Rory Savatgy

Montana’s Department of Public Health and Human Services has laid out “temporary emergency rules” for the state’s medical cannabis program as lawmakers work out the program’s permanent details, the Billings Gazette reports.

The temporary rules took effect last Friday and allow the DPHHS to issue licenses for testing lab facilities on a temporary, case-by-case basis, as well as issue temporary licenses for “chemical manufacturers” — companies who can extract cannabinoids and create cannabis concentrates.

The temporary rules will expire after 120 days, though the deadline to have the program fully up and running is April 30, 2018.

Montana Cannabis Industry Association spokesperson Kate Cholewa said that — though this marks a transition period for the industry — “This is not that dramatic of a moment. It’s maybe a benchmark, but there are so many more provisions yet to come online.”

Meanwhile, lawmakers have amended possession limits for program participants following a complaint by the Montana Patients Rights Network; these limits depend on whether or not a patient has a registered provider or if they are cultivating their own medicine. Under the clarification, registered Montana cardholders who have named an official provider are allowed to possess up to one ounce of cannabis. A registered cardholder who has not named a provider, however, may also possess up to four mature cannabis plants and four seedlings.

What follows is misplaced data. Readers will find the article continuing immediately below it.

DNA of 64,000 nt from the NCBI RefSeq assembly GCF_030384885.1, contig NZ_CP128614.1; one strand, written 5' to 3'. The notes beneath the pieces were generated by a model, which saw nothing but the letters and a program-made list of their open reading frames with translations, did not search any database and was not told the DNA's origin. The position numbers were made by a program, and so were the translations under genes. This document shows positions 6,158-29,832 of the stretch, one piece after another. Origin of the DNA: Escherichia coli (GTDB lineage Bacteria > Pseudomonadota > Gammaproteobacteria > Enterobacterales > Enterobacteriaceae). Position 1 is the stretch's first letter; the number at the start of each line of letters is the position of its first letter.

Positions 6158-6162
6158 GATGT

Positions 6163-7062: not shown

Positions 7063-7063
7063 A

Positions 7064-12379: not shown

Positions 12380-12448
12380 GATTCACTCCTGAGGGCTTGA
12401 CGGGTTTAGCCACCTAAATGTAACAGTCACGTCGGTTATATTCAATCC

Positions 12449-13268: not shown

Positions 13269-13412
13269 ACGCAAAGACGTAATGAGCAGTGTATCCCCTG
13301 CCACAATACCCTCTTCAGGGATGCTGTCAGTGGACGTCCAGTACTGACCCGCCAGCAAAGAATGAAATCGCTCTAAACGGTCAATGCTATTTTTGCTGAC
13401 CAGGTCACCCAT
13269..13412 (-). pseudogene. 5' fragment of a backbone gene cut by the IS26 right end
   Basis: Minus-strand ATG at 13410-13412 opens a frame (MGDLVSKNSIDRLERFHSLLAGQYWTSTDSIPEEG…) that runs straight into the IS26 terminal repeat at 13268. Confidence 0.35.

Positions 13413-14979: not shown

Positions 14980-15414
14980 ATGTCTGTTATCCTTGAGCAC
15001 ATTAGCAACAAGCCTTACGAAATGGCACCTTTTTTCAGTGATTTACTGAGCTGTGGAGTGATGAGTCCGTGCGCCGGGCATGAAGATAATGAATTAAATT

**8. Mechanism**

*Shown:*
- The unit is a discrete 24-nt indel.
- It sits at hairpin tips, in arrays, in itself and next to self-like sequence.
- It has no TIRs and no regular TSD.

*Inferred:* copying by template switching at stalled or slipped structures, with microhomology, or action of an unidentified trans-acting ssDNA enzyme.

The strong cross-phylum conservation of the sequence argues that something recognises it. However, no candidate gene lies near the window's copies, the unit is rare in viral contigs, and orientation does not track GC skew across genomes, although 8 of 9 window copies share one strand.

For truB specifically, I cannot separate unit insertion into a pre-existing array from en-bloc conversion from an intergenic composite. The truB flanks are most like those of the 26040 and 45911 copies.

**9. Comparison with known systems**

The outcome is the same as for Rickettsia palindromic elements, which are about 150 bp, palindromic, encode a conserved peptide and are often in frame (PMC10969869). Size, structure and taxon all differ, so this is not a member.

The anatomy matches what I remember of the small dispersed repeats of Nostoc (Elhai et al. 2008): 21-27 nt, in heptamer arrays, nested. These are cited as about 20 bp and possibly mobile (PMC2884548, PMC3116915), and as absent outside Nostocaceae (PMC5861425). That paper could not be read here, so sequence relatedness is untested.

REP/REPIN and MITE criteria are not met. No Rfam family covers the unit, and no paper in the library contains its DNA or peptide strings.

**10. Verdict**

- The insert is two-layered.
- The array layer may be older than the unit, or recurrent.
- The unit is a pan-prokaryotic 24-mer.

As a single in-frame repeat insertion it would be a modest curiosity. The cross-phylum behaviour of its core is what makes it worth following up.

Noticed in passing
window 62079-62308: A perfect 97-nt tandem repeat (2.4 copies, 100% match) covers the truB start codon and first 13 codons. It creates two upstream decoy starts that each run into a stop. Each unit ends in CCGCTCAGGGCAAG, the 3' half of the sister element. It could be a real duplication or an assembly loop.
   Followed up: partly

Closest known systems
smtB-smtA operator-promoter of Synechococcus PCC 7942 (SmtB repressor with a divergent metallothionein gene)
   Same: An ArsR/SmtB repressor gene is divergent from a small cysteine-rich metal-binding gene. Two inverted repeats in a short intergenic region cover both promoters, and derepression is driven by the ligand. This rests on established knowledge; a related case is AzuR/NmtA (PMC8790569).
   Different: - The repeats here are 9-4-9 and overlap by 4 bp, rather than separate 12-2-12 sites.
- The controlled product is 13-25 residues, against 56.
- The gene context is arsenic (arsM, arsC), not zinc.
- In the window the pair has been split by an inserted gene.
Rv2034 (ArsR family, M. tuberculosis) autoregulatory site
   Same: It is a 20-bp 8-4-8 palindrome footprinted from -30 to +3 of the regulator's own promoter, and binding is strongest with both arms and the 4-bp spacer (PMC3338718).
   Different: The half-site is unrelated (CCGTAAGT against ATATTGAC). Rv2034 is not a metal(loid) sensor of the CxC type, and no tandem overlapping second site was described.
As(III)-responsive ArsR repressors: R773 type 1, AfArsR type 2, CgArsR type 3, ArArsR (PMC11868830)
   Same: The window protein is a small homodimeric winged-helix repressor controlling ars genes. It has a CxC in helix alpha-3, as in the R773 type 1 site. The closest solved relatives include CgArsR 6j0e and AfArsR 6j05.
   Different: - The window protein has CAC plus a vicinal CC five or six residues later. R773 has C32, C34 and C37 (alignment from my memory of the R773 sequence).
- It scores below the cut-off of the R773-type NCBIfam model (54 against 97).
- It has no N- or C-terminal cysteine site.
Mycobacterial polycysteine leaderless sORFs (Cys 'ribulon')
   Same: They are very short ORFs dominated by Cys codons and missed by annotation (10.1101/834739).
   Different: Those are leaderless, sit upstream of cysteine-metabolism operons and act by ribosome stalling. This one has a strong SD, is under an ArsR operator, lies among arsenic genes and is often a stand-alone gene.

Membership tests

The state currently imposes a four percent sales tax on medical cannabis products, though this tax will be lowered to two percent starting July 1, 2018.

Montana voters first embraced MMJ reforms in 2004. The program experienced explosive popularity between 2009 and 2011, however, which prompted efforts from lawmakers to repeal and undo the program. Officials finally succeeded in gutting the industry last year, but another successful voter initiative last November overruled lawmakers and renewed the program — this time with more detailed product tracking, a self-sustaining tax system, and a more extensive licensing system.

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